Romans 1: A Practical Theology

This entry is part 113 of 118 in the series 365 Key Chapters of the Bible

While the four Gospels present the works and words of Jesus Christ, Paul’s epistle to the Romans explores the theological significance of His life and death. This letter is the most systematic presentation of theology in the Bible.

But this is more than a theological treatise; it is a practical exhortation. Christianity does not consist merely of facts we must believe, but of a life we must live.

The Gospel in Rome

In the midst of Rome’s defunct polytheism, Christianity provided a practical alternative. Unlike the myriad of Roman rituals, Christianity balances theology with practice, and knowledge with action. However, it does not demand that we do good works out of our own strength. Instead, our walk stems from our wealth in Christ; our practice comes from our position in Him.

The message of Christianity was unique among the Roman pantheon of gods. Those gods were essentially glorified humans, faults and all—and the faults were the gods’ most celebrated attributes. But the God of the Bible is righteous and holy and cannot abide with sin. Unlike those gods, He is moral and demands perfection, leading to the need for the good news of Jesus Christ.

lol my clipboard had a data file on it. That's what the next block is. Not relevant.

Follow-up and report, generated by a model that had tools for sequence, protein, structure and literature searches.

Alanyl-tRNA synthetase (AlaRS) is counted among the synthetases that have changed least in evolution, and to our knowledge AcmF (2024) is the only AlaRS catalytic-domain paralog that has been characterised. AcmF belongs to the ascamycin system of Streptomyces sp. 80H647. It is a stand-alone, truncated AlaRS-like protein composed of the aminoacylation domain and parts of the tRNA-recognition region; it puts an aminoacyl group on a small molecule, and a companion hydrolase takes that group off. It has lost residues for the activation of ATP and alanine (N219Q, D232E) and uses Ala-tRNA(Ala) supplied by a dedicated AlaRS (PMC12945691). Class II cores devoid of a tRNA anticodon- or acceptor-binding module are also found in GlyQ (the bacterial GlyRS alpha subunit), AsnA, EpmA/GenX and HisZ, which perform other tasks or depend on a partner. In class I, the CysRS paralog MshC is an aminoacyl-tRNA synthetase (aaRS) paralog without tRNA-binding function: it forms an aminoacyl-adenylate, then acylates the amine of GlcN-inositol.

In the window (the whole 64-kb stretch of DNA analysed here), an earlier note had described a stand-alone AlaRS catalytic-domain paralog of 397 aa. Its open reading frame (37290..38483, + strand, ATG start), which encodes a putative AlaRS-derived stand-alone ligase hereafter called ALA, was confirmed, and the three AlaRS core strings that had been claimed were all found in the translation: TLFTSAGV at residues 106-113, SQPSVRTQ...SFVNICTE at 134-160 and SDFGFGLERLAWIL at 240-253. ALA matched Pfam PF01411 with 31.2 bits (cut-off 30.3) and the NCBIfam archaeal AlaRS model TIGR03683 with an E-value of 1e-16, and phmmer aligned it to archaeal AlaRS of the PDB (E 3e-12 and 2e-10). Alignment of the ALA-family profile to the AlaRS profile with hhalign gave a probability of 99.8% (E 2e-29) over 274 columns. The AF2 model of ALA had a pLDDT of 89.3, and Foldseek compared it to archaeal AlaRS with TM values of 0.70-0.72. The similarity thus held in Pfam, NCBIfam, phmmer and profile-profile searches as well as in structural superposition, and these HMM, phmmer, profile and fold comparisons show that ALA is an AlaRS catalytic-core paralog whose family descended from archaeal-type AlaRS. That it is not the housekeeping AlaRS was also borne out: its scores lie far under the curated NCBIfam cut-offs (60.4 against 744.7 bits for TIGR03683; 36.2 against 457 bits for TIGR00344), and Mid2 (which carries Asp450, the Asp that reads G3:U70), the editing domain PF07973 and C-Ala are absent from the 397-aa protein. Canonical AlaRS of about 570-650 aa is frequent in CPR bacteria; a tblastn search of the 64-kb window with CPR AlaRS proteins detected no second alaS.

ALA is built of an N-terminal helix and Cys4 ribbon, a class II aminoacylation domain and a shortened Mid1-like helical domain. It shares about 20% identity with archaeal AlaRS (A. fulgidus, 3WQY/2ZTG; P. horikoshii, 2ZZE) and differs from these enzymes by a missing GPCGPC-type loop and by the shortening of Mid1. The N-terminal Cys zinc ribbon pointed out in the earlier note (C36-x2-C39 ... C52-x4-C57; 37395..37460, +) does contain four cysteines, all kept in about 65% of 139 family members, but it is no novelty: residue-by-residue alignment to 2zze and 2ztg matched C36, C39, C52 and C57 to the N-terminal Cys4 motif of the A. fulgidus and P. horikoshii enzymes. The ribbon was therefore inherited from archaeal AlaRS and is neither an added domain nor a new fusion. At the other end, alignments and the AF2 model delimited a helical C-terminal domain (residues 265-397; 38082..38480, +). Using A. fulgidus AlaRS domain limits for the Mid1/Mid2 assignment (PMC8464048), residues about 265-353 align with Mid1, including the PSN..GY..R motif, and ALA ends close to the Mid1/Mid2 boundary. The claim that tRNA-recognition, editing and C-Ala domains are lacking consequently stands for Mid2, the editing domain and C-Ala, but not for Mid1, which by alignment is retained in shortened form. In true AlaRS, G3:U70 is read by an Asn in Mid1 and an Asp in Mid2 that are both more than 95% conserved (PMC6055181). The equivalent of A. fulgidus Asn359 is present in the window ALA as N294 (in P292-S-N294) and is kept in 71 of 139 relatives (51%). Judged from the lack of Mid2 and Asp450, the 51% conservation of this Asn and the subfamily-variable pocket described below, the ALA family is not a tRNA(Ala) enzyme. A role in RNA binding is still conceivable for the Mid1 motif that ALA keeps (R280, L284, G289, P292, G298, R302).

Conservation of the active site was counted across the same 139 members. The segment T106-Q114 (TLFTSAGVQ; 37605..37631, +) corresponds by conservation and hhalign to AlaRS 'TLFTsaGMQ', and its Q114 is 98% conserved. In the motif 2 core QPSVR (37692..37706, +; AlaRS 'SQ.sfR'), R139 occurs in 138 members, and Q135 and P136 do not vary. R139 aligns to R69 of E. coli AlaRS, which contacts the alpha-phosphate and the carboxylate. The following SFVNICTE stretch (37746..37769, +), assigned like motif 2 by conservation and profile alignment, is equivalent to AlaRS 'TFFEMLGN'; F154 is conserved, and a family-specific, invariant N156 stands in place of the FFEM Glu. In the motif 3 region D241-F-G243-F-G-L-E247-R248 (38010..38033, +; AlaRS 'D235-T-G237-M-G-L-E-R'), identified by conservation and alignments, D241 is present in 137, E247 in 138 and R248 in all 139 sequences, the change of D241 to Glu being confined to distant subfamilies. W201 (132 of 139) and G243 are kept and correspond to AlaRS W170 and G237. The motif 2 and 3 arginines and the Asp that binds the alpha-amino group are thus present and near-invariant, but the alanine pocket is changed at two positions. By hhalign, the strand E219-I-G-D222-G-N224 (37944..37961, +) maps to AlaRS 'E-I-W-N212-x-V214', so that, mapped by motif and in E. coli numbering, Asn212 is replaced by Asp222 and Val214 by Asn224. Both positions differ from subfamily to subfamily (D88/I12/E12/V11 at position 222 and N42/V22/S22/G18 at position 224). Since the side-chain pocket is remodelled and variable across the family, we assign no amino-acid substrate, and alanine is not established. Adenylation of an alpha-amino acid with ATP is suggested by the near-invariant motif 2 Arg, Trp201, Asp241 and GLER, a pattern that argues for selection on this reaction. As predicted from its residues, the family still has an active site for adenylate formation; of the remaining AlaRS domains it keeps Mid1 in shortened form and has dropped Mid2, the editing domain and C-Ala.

The Gospel of Salvation

One of the key themes in the book of Romans is that of salvation. It looks at the penalty of sin, the power of sin, and the presence of sin—both for unbelievers and for believers. For those who do not believe, sin reigns and will lead to death. But those who believe in Christ are free from sin. They have the righteousness of Christ and are no longer condemned.

Romans begins with the bad news from the start: Every person, whether Jew or Gentile, has sinned and suppressed the knowledge of God. But this bad news paves the way for the good news of salvation. We need to know our hopeless situation before we can grasp the beauty and glory of God’s mercy.

When our sin is imputed to Christ, and His righteousness is imputed to us, God calls us to a new life. We are to be conformed to the image of Christ more and more every day, living our our faith.

This teaching is based on Ken’s Handbook to Scripture

Related Reading:

Series Navigation<< Deuteronomy 29: Anticipating the New CovenantDeuteronomy 30: God’s Merciful Covenant >>